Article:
The peaceful Green Fair

Norwich, July 1983

poster for the peaceful green fair
Actually July 1st - 3rd in Earlham Park, UEA Village and the UEA Rural Development Unit

Band recordings (Audio only)

At the time I recorded just about all the bands who played at the fair with the help of Chris Phillips and his cassette recorder. These were sort of "official bootlegs" and all the bands knew they were being recorded, not all of the recordings have survived sadly.

Most of the bands have vanished without trace a long time ago although a few went on to bigger things.

Ground Zero became Underground zero and as of 2014 were still gigging.

Here and Now and the Karmakanix were a regular around the free festival scene for years.

The Disrupters made a name for themselves on the punk scene and have recently reformed.

The recordings from the Peaceful Green Fair were made on cassette from stereo cross mics, if it sounds like a free festy, well it was. The PA was by ADD run by Geoff, a well known figure on the Norwich music scene.


Karmakanix - headline act Friday night. Part of Norwich's Argyl Street squat, Karma kanix went on to be regulars on the festival circuit for many years.
Karma Kanix and Here and Now members are still around as House of Thandoy and also 39 Orbits


The Hollow Men - Haven't got any information about this band, if you know, please contact me

The Disrupters - The earliest live recording of The Disrupters. They went on to a fair degree of fame on the punk scene thoughout the 80's. I made a documentary about them which can be seen here

Prem Nick (Poet) - The earliest recording of Nick, who became the fifth unofficial member of the Disrupters and features on several of their albums

Vital disorders - Only one song remains form this set, T.E.S.C.O.. The VD's were a very popular Norwich local band at the time, from the sme stable as the Kamikazi Sex Pilots

Here and now - The headline act on Saturday, H&N were big on the free festival scene for many years and are still active - H&N Facebook page


Fire hydrant mean feat. the fabulous fazzettes - No information about this band sadly, except to say they were big on the locval band scene at the time and I think were based at the UEA

Kamikazi Sex Pilots - Jon Ward had a previous band called “Carl Gustav and the 84s” and was a prominant figure in the Norwich musical scene at the time. Jon sadly passed away some time ago.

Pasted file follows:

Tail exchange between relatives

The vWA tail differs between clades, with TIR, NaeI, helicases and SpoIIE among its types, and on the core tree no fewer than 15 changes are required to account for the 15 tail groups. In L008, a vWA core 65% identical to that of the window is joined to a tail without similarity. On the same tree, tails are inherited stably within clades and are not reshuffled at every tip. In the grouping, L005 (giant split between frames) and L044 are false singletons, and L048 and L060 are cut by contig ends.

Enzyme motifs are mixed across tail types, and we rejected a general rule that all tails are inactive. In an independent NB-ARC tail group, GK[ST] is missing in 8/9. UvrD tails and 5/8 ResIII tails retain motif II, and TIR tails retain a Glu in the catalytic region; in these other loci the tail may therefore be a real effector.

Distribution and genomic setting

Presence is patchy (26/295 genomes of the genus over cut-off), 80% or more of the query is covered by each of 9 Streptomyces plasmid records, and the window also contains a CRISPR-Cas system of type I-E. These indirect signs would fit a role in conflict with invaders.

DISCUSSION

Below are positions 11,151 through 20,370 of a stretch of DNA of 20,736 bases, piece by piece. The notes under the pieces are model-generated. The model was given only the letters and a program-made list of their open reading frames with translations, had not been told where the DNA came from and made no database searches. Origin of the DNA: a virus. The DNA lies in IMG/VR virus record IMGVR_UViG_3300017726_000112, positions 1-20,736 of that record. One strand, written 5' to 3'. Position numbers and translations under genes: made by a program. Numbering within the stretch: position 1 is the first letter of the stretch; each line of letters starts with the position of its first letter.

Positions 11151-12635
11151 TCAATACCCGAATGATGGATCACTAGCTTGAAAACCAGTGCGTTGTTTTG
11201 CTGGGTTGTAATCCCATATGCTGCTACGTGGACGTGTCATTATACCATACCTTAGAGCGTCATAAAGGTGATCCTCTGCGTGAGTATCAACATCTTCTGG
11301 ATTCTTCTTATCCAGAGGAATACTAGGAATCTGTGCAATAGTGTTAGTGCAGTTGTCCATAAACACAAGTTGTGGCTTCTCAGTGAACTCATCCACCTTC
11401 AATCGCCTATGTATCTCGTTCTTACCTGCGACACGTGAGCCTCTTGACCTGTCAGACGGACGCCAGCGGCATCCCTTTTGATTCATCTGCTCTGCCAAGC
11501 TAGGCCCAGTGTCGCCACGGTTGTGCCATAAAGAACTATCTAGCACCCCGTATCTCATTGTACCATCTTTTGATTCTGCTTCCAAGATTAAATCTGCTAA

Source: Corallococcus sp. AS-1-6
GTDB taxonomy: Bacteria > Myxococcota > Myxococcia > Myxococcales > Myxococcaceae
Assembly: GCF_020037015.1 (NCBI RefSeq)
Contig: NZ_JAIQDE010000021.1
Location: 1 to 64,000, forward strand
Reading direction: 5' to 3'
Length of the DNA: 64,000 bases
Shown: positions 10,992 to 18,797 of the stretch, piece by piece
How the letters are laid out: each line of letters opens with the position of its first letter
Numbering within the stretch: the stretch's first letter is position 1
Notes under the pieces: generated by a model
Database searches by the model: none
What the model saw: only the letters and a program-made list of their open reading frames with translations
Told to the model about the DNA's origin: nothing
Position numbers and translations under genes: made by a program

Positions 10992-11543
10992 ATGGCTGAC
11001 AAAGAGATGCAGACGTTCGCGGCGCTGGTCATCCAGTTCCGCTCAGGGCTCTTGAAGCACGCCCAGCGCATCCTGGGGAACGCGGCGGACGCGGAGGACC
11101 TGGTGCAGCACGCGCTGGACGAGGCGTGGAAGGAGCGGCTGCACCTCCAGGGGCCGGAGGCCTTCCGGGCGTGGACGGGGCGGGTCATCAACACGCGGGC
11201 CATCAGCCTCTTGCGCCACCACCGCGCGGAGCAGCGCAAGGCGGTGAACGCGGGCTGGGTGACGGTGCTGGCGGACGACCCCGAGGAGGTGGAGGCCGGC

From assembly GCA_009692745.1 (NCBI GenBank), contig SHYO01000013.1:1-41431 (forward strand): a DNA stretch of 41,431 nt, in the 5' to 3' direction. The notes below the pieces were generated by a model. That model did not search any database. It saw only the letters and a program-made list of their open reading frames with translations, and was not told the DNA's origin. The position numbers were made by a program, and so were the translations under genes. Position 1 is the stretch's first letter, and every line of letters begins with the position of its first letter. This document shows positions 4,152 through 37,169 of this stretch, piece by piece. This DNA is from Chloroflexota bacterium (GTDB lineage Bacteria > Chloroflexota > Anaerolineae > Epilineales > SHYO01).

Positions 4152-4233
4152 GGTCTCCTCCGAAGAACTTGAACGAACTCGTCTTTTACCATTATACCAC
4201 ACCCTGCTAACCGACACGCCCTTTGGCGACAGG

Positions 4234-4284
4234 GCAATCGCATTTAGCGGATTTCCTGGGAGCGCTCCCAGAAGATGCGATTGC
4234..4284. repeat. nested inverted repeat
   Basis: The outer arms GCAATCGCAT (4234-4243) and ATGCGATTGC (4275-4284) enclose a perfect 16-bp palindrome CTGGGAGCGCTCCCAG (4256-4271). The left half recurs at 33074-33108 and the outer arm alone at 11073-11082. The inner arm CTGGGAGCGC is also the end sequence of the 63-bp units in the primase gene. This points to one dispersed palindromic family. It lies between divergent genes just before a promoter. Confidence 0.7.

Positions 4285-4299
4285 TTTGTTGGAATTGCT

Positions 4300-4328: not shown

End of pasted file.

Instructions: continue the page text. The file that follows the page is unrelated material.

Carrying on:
TonTon Taboo - an early manifestation of Roger Foyster , perhaps a goth band before goth was a thing. More info appreciated.

Ground Zero - This recording was issued by the band in 1983 as "The Official Bootleg" and apparently sold several thousand copies!. Nick Turner joined them onstage for the last few songs. Later as 'Underground Zero' these guys were became big on the local band scene and had a very impressive stage show. They were active until 2014. UG0Website




The story of the fair

1983 Peaceful Green Fair

Norwich has long had a vibrant music scene and I'd been lugging stupidly heavy tape recorders around venues recording local band gigs for a couple of years when I heard of the plans for a festival in Earlham Park, so I went along to the planning meetings.

There had been a few free festivals near Norwich in previous years but this time someone had the idea of asking the council if the fair could use Earlham park and they'd agreed, so it was going to be a legal one. An organising group of mostly squatters from Norwich's Argyl Street (at the time one of the largest squats in Europe apparently) and uni students had booked the park from the council, somehow I don't think that would happen now.

The planning meetings were all held at the UEA - the Norwich university of East Anglia where I had been a student some years before, The meetings were a bit chaotic but things did actually get done.

Having never done anything in the way of gig promotion I offered to run the music stage, so along with Dave Goringe and Chris Phillips I did just that! There was much debate as to whether they wanted anything electric, but as luck had it we had a site split by a main road, so one part was set aside for the music and the rest for the no-electric hippy fair.

With all the confidence of a sleepwalker I went around local gigs booking bands. We had Karma Kanix headline Friday night, Here&Now as the main band on Saturday night and Ground Zero ( later became Underground Zero, UZ) - a local Hawkwind style band on the Sunday. Somehow we managed to get a midnight music licence which caused loads of complaints from the nearby houses. UZ finished their show with two huge rocket fireworks, only one of which went upwards.